Mr Vineyard, I am glad you asked this question because I think most people wonder the same thing. I hope that I have been able to shed some light on your question and believe me when I say  that San Diego Fire Rescue personnel are the best in the world. 

    Respectfully ,

    Erik Windsor

    Gary Vineyard
    Gary Vineyard subscriber

    @Erik Windsor @Gary Vineyard  Erik, thanks for the reply.  I'm not sure I made myself perfectly clear so let me give it another shot.  I am in no way suggesting that "regular" firefighters/EMT's be replaced.  My point is to supplement them with volunteers. 

    I'm an old cop so I have a bit of insight on what goes on in emergency calls.  In the old days we didn't even have paramedics, only ambulances and more often than not the police were called for the emergency and an ambulance dispatched to transport.  Fire rolled only if there was fire or the threat of fire. 

    Again back in my day we were all male, most were veterans and we were bigger so we handled just about whatever came up...and before any libs start bitching, I'm just saying that's the way it was.  Period. 

    Nowadays, because of discrimination lawsuits many responders from all emergency services are smaller and weaker Having said all of that I'm glad we have modernized, cut down response times and come into the 21st Century but if you give me (or most people) the choice of having no response or volunteer assisted response I'll betcha  that they'll take the volunteer assisted. 

    As to liability; the volunteers I've known over the years went to a great deal of training and some jerk can sue a regular firefighter just as easy as a volunteer...why?...because there are just too many scum sucking, bottom dwelling, ambulance chasing attorneys out there looking for work.

    Hope this clears it up and nothing but accolades for all of our emergency service responders.

    Chris Brewster
    Chris Brewster subscribermember

    Mr. Vineyard: What's your view of and experience with volunteer cops? Regarding volunteer firefighters, in my observation this tends to work in small towns where enough people live and work close to a fire station to be able to respond to the station, then respond in the fire apparatus. In large cities it's impractical I think, since people don't live and work near fire stations and thus are not immediately available when needed.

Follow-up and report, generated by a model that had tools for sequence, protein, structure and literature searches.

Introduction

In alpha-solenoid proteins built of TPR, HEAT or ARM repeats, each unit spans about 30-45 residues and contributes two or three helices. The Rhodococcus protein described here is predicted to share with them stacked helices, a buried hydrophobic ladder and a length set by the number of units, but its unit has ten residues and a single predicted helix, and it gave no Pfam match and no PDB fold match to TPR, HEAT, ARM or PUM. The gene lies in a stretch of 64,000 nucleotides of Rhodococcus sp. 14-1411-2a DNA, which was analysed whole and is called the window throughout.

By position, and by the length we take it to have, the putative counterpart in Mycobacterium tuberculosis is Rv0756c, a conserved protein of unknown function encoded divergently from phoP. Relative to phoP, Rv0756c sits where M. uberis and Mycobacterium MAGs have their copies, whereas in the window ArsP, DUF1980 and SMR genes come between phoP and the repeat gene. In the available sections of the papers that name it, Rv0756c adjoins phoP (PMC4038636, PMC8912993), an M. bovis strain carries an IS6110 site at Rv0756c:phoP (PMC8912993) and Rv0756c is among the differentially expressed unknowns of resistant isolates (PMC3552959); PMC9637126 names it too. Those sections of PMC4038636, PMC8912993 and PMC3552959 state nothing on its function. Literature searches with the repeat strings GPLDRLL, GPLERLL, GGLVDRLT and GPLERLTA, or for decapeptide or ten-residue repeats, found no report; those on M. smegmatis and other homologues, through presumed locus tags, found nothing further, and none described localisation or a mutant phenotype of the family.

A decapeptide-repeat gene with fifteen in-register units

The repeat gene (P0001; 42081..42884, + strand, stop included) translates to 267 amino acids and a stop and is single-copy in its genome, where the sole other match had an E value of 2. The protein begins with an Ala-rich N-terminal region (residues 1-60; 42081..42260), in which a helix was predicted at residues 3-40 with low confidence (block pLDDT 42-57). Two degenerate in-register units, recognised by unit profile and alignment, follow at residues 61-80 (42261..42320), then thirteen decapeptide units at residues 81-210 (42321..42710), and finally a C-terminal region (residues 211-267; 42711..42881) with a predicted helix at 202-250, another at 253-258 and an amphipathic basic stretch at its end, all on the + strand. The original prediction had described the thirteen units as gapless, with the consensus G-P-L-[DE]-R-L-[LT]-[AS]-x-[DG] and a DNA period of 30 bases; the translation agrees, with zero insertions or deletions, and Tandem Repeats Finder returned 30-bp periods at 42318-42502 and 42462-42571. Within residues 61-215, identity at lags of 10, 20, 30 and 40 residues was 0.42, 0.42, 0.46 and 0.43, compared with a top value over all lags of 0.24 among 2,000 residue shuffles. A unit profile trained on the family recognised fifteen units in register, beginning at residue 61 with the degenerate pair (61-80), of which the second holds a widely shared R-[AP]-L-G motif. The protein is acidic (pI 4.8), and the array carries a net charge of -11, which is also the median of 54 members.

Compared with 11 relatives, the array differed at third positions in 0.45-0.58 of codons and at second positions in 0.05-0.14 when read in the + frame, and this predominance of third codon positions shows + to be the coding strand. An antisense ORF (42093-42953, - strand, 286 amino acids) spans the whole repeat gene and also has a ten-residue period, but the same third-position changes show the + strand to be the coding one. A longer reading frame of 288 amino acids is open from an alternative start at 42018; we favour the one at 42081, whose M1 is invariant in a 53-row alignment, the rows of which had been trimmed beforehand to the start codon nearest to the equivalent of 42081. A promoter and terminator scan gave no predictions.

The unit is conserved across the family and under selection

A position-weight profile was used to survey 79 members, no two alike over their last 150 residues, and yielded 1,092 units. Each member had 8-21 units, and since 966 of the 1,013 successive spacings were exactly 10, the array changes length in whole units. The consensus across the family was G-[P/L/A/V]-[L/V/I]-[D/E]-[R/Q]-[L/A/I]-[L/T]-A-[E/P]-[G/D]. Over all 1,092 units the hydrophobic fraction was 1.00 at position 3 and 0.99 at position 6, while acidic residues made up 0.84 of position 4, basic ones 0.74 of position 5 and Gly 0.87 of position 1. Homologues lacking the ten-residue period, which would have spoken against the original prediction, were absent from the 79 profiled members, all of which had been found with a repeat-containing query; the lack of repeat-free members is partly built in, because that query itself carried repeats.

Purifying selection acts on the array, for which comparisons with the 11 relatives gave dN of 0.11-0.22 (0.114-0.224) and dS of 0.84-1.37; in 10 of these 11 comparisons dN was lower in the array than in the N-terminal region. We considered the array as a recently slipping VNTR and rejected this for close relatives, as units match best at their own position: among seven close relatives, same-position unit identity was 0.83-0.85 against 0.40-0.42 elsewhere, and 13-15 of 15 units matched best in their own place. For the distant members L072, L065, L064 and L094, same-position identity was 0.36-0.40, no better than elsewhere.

Richard Rider
    Richard Rider subscribermember

    There's a further innovation to this 2 person crew concept that needs to be adopted -- but the ff union will fight it to the death.  

    We need to have the 2 man (well, usually men) satellite crew housed in a residential home in the neighborhood they are stationed in, so the response time is good 24/7.  A modest 2 bedroom home can be purchased for $400,000 or less - or rented.  The "pick up truck" can be housed in the garage (perhaps with minor modification).  

    Moreover, if the shifting demographics later dictate the home is  no longer the optimum location, it can be sold "as is" -- an abandoned fire station usually has to be leveled for some other use.  In addition, if a new fire station is needed, the housing needs for firefighters would be cut in half, somewhat reducing the construction costs.

    But the ff's consider their fire station camaraderie sacrosanct.  This well-paid band of brothers (and sisters) relish the together time.  This is the line in the sand they will go to the wall for.  Given the fear of politicians of firefighter ire, it's hard to imagine this reform being adopted.

    This 19th century fire station hangout tradition is today both expensive and dangerous -- the slower response times cost lives and property.

    j geary
    j geary subscribermember

    This public safety approach would never happen if this was in neighborhood of La Jolla. It's just sad that SD City is always looking for the least expensive way to provide public services. This fire protection issue in Encanto has never surfaced until the past year. This neighborhood dates back to the 1920's too. Why?

    Alan Arrollado
    Alan Arrollado subscriber